Next, Djokovic will be asked to clarify his position. Is he against the theoretical coronavirus vaccine or all vaccines? Is this a funny way of announcing his retirement?

Also, where is he on the flatness of the Earth? Totally flat or just a nice, gradual curve to the spot on the horizon where the dragons live?

Unless Djokovic walks this all back (a real option), we will eventually arrive at public rage. How dare someone we can’t expect to know anything about anything be wrong about it?

This is a good time to remind ourselves of certain truths.

Being able to knock a ball over a net doesn’t make you smart. Fish can be trained to do it.

Story continues below advertisement

And anyone who expects all athletes to be MacArthur Fellows must thrive on disappointment.

Few pros have the benefit of a higher education, and almost all of the ones who do didn’t pay much attention. They may be brilliant in many ways, but book learning is not one of them.

Nevertheless, they are routinely asked to speak about things wildly outside their limited experience of the world. This convinces some of the denser specimens they are, in fact, very smart. Visionary geniuses, even.

Those are the sort who end up lecturing the plebs about climate change, while flying event to event in private planes.

When the pros are stupid, they are often breathtakingly so. It’s like a gift. Of stupidity.

Djokovic has become this sort par excellence. This is especially risky if you a) have a burner account on Reddit and b) routinely give press conferences to people who write down the things you say.

Story continues below advertisement

Once all that comes together, it’s no longer enough to be feted and famous. You must also be an oracle. You must speak of things completely outside the remit of your expertise (again, banging a ball across a net) so that you can reach your full potential as a person.

The correct reaction to this sort of behaviour isn’t outrage or anger. It’s apathy.

Did you give up bread or begin sleeping in a hyperbaric chamber because Novak Djokovic won the 2011 Australian Open? I thought not. The same rules apply.

What Djokovic has to say about vaccines should be as widely discussed, endorsed and/or derided as what you or I have to say about vaccines. Because none of the three of us has any clue what we’re talking about.

Let’s leave that to qualified scientists, all of whom agree vaccines are a good thing.

Remember the old days? When we believed in expertise? That was nice. No need to ever think, “I have some fundamental questions about space travel. I hope the cast of Tiger King has some answers.”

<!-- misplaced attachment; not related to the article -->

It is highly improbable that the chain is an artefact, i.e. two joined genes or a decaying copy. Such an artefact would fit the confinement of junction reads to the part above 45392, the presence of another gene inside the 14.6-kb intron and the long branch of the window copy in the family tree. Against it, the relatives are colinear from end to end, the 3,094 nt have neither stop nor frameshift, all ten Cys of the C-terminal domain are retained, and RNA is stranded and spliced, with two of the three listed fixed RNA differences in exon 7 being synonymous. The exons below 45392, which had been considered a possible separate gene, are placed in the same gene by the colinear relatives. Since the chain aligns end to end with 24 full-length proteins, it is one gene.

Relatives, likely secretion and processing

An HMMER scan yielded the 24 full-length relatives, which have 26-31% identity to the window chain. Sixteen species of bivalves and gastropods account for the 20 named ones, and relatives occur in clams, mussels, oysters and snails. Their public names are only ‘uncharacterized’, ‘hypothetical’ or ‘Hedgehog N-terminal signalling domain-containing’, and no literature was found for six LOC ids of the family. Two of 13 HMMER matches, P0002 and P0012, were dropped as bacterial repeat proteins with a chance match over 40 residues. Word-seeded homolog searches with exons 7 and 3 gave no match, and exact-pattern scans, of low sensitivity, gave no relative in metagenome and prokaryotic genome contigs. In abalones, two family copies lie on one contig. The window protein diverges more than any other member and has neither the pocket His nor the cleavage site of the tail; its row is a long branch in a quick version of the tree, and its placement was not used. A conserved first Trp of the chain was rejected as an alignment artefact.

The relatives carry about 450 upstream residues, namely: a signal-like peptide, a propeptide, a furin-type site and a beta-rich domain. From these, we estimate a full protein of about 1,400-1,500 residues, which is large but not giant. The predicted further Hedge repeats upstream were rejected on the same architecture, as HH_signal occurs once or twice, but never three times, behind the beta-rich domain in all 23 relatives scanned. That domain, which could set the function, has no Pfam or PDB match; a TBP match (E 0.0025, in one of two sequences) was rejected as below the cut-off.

Story continues below advertisement

In the coming days, many people from what was formerly the most listened-to sector of Western society – the sports and entertainment business – are going to have thoughts about what’s going on.

All of them ought be given the same amount of credence. Which is to say that if their opinions do not involve proper free-throw technique or how to pick an outfit for the Oscars, absolutely none.

Sign up for the Coronavirus Update newsletter to read the day’s essential coronavirus news, features and explainers written by Globe reporters and editors.

Report an error Editorial code of conduct
Due to technical reasons, we have temporarily removed commenting from our articles. We hope to have this fixed soon. Thank you for your patience. If you are looking to give feedback on our new site, please send it along to feedback@globeandmail.com. If you want to write a letter to the editor, please forward to letters@globeandmail.com.

Welcome to The Globe and Mail’s comment community. This is a space where subscribers can engage with each other and Globe staff. Non-subscribers can read and sort comments but will not be able to engage with them in any way. Click here to subscribe.

If you would like to write a letter to the editor, please forward it to letters@globeandmail.com. Readers can also interact with The Globe on Facebook and Twitter .

Welcome to The Globe and Mail’s comment community. This is a space where subscribers can engage with each other and Globe staff. Non-subscribers can read and sort comments but will not be able to engage with them in any way. Click here to subscribe.

If you would like to write a letter to the editor, please forward it to letters@globeandmail.com. Readers can also interact with The Globe on Facebook and Twitter .

Welcome to The Globe and Mail’s comment community. This is a space where subscribers can engage with each other and Globe staff.

We aim to create a safe and valuable space for discussion and debate. That means:

  • Treat others as you wish to be treated
  • Criticize ideas, not people
  • Stay on topic
  • Avoid the use of toxic and offensive language
  • Flag bad behaviour

Comments that violate our community guidelines will be removed.

Read our community guidelines here

Discussion loading ...

To view this site properly, enable cookies in your browser. Read our privacy policy to learn more.
How to enable cookies